Who cares about older women's work?
This briefing paper seeks to raise awareness of the critical but invisible work that older women do - paid and unpaid - in developing country contexts. Because #OlderWomenMatter
Download the briefing paper
- Who Cares? Why older women’s economic empowerment matters for the Sustainable Development Goals (PDF, 767 KB)
Author: Age International
Using original research conducted for Age International by the Overseas Development Institute (ODI), this paper makes clear how gender norms and inequalities intersect with poverty, public health issues and human rights to drive older women to do paid and unpaid work that negatively affects their wellbeing – while their families, communities and economies depend heavily on the work they do.
- 1 in 7 older women are in the workforce, in low and middle-income countries
- Older women do more than twice the amount of unpaid care that older men do
- Older women do unpaid - often undesirable work - that few others are willing to. Yet this work is not counted in economic and labour data, rendering older women’s work invisible.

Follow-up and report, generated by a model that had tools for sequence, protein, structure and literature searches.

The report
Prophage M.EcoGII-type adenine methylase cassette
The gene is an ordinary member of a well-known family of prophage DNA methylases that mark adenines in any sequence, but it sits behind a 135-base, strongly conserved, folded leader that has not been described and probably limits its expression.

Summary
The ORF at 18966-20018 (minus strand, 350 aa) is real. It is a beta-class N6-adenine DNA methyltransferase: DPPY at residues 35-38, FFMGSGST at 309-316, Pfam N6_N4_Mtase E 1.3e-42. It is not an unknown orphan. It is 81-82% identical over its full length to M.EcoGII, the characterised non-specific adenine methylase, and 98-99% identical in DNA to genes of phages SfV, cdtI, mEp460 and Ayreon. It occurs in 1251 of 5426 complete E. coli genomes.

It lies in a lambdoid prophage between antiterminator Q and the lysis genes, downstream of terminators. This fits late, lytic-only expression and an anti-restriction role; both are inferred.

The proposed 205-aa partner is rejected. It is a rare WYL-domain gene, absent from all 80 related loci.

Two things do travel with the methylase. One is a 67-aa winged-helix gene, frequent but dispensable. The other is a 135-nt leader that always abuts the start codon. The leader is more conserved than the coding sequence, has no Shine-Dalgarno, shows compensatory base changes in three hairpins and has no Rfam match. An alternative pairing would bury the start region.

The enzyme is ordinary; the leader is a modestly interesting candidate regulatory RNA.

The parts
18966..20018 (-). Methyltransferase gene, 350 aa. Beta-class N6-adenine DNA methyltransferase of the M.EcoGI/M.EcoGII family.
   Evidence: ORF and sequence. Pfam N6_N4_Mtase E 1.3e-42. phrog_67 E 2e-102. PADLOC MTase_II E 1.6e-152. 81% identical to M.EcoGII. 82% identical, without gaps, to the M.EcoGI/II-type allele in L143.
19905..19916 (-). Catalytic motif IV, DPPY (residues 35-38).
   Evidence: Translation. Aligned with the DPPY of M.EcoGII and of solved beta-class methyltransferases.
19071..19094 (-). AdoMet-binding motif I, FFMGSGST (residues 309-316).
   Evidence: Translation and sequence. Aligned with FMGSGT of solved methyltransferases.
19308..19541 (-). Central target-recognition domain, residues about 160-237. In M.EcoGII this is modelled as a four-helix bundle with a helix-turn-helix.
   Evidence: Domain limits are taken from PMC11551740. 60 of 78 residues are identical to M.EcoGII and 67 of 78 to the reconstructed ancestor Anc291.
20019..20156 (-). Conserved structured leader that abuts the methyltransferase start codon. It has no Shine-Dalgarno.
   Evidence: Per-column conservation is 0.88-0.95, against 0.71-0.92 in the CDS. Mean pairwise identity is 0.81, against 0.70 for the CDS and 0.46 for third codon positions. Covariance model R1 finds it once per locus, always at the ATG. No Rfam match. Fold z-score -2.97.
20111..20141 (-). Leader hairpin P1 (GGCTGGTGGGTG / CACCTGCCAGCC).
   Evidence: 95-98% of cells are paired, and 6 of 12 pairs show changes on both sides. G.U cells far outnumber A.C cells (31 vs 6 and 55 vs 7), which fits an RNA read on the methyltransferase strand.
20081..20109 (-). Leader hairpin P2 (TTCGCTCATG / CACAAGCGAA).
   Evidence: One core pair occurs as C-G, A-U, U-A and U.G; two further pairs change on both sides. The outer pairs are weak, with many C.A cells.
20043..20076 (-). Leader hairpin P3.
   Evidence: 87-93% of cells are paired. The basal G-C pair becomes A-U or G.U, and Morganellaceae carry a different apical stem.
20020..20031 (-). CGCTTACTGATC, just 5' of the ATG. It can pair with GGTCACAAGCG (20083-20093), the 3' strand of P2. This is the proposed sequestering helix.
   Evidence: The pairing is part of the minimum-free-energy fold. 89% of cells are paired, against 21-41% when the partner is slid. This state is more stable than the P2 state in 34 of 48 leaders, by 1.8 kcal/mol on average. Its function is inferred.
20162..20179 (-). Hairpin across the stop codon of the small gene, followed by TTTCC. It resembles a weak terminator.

- Inequalities women face in society can continue into older age and be aggravated by age discrimination - making their lives worse, while they are helping others.
- Older women can benefit from doing different types of paid and unpaid work - provided the work is a choice and they have the right support.
Older women: the hidden workforce
Globally, older women are contributing unrecognised yet critical support to their families, communities and economies through their paid and unpaid work. Our report, Older women: the hidden workforce gives voice to older women’s experience of work and sets out recommendations for how to address this inequality.
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